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Comment: Re:HDD endurance? (Score 1) 125

by gigaherz (#48537665) Attached to: Consumer-Grade SSDs Survive Two Petabytes of Writes
HDDs usually die from mechanical failure rather than the magnetic surface wearing out. I'm not aware of the surface wearing out being something to worry about, since all the headers do is spin around the magnetic poles on the material. But the headers can scratch the surface causing bad sectors, the stepper motors can die, etc. In some cases it's possible to recover critical information by placing the platters on a non-damaged disk, although opening a modern HDD has to be done inside very clean rooms so that no dust gets inside the disk.

Comment: Re:Evolution not revolution (Score 1) 36

A sufficiently fast evolution can easily be called a revolution. The industrial revolution was actually just an evolution of industry, yet everyone does know it as a revolution. Why? Because it happened really fast.

The title does say it *could* revolutionize. It may just be a small improvement, or fail completely, but it could be a revolution if it suddenly brings fast, cheap, high-density memory in a scale much greater than Flash memory is able to provide.

Comment: Re:So what's Metro? (Score 1) 545

by gigaherz (#47933587) Attached to: What To Expect With Windows 9

The only hardware-accelerated operations of the GDI are color filling, blitting, alpha-blending, and stretching (with or without alpha). Everything related to drawing shapes (polygons, curves, ...), text, and any UI operation using alternate merging operators (such as XOR, anything but copy and blend), is done in the CPU. It is still partially hardware-accelerated since Windows 7 and up support drawing directly into GPU memory, where Vista had to synchronize the RAM copy with the VRAM copy.

If anything feels snappier in older OSes, it would be because before XP, Microsoft still supported old hardware blitters, such as what was used by DirectDraw. Support for hardware blitting was lost with the switch away from the Win9X architecture and embracing NT. I may be remembering wrong on this, but I believe XP was missing the faster blitting, but didn't support the same level of hardware-acceleration as newer versions of Windows, so in theory, it should have been the least snappy of all...

As to the % of applications using GDI, I'd make it more like >95%, and I'm being conservative. The only application I know for certain uses Direct2D or Direct3D for the interface drawing would be Visual Studio 2010 or newer. And XUL-based applications such as Firefox, where d2d/d3d is supported and available. As far as I know even Java applications which custom-draw the GUI end up doing so with GDI functions.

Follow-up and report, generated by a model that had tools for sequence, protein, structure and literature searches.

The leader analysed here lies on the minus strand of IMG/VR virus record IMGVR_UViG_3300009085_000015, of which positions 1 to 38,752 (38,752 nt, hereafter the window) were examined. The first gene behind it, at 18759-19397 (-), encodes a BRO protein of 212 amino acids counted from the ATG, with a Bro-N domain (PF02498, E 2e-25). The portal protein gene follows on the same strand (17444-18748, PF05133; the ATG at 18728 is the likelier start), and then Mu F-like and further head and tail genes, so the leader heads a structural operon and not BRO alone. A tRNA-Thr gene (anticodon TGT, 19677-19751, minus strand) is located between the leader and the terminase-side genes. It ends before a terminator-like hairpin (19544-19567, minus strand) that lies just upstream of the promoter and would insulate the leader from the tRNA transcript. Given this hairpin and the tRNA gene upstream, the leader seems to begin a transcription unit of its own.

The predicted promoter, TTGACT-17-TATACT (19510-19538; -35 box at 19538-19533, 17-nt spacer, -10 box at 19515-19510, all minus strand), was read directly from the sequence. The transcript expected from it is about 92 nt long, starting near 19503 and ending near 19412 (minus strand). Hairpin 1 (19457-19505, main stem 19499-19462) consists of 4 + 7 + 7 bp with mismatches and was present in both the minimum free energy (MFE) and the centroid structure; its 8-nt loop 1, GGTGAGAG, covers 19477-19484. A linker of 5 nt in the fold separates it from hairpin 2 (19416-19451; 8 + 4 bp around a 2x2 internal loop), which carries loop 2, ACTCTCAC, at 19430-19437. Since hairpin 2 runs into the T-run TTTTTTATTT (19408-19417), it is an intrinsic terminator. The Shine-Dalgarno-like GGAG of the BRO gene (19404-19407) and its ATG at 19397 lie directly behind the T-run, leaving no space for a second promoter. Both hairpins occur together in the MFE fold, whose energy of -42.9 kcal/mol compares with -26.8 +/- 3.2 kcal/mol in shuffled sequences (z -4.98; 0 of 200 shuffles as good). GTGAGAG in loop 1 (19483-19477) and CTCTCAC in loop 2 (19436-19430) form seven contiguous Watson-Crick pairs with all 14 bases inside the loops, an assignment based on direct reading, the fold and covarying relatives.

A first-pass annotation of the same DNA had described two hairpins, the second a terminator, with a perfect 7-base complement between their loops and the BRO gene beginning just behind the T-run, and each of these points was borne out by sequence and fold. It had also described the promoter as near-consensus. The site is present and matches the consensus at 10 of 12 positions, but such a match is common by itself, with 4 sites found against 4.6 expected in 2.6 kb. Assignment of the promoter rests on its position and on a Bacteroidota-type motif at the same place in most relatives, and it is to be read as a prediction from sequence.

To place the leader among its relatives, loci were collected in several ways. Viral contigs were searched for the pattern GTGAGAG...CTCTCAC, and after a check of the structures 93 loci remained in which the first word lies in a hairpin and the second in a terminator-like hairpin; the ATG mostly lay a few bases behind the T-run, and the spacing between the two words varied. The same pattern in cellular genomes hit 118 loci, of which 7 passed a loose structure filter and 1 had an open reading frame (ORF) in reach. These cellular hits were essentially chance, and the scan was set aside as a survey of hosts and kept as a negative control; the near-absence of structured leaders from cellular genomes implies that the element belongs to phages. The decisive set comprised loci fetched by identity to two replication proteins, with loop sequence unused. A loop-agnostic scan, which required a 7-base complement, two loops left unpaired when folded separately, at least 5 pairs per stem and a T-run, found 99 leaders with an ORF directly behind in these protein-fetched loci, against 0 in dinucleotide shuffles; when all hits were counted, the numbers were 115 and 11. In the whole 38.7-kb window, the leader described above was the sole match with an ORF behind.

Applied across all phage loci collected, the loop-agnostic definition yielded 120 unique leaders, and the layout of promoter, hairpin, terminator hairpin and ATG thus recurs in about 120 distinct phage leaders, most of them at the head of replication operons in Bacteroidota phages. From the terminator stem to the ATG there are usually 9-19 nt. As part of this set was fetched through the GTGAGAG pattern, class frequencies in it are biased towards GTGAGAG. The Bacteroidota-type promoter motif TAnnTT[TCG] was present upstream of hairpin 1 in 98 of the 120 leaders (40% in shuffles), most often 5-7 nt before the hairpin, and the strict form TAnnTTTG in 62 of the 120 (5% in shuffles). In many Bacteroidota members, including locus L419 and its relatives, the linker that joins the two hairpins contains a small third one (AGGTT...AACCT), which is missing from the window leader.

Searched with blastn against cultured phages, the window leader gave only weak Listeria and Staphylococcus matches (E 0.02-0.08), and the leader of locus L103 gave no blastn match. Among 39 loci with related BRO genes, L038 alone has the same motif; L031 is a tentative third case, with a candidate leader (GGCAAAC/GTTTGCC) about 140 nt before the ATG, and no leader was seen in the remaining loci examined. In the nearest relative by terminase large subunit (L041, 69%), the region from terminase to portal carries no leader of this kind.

Comment: Re:So what's Metro? (Score 1) 545

by gigaherz (#47933577) Attached to: What To Expect With Windows 9
Yes. WinRT is where COM meets Silverlight. It's a .NET-like API based on something that looks quite a lot like COM, but isn't exactly COM (IIRC), and uses a GUI toolkit based around the XAML language, like Silverlight. And like Silverlight, applications run in a walled garden, unlike proper WPF programs which also use the XAML language. Note that XAML has different dialects, and you can't do exactly the same in them. Sadly.

Comment: Re:So what's Metro? (Score 3, Informative) 545

by gigaherz (#47923139) Attached to: What To Expect With Windows 9
Modern UI apps use the WinRT libraries to draw hardware-accelerated GUIs, using a dialect of the XAML language already present in the WPF and Silverlight libs. Standard desktop apps use the old win32 windowing system so they miss that hardware-acceleration -- unless they are made in .NET with WPF or Silverlight, in which case they will draw using Direct3D9 even in XP.

Comment: Re:Bring back windows XP. (Score 1) 545

by gigaherz (#47923095) Attached to: What To Expect With Windows 9

XP was complete bloat by 2001's standards. Windows 7 was made lighter than Vista, after people complained about Vista the same way people complained about XP.

The only reason XP doesn't feel bloated right now, is because it's 13 years old and 10 years obsolete -- since it can't do a lot of things OSes are expected to do (not by you obviously). The biggest mistake Microsoft made wasn't Vista's expectation of a decent computer, nor windows 8's oversimplification. It was letting people grow used to XP for way too long.

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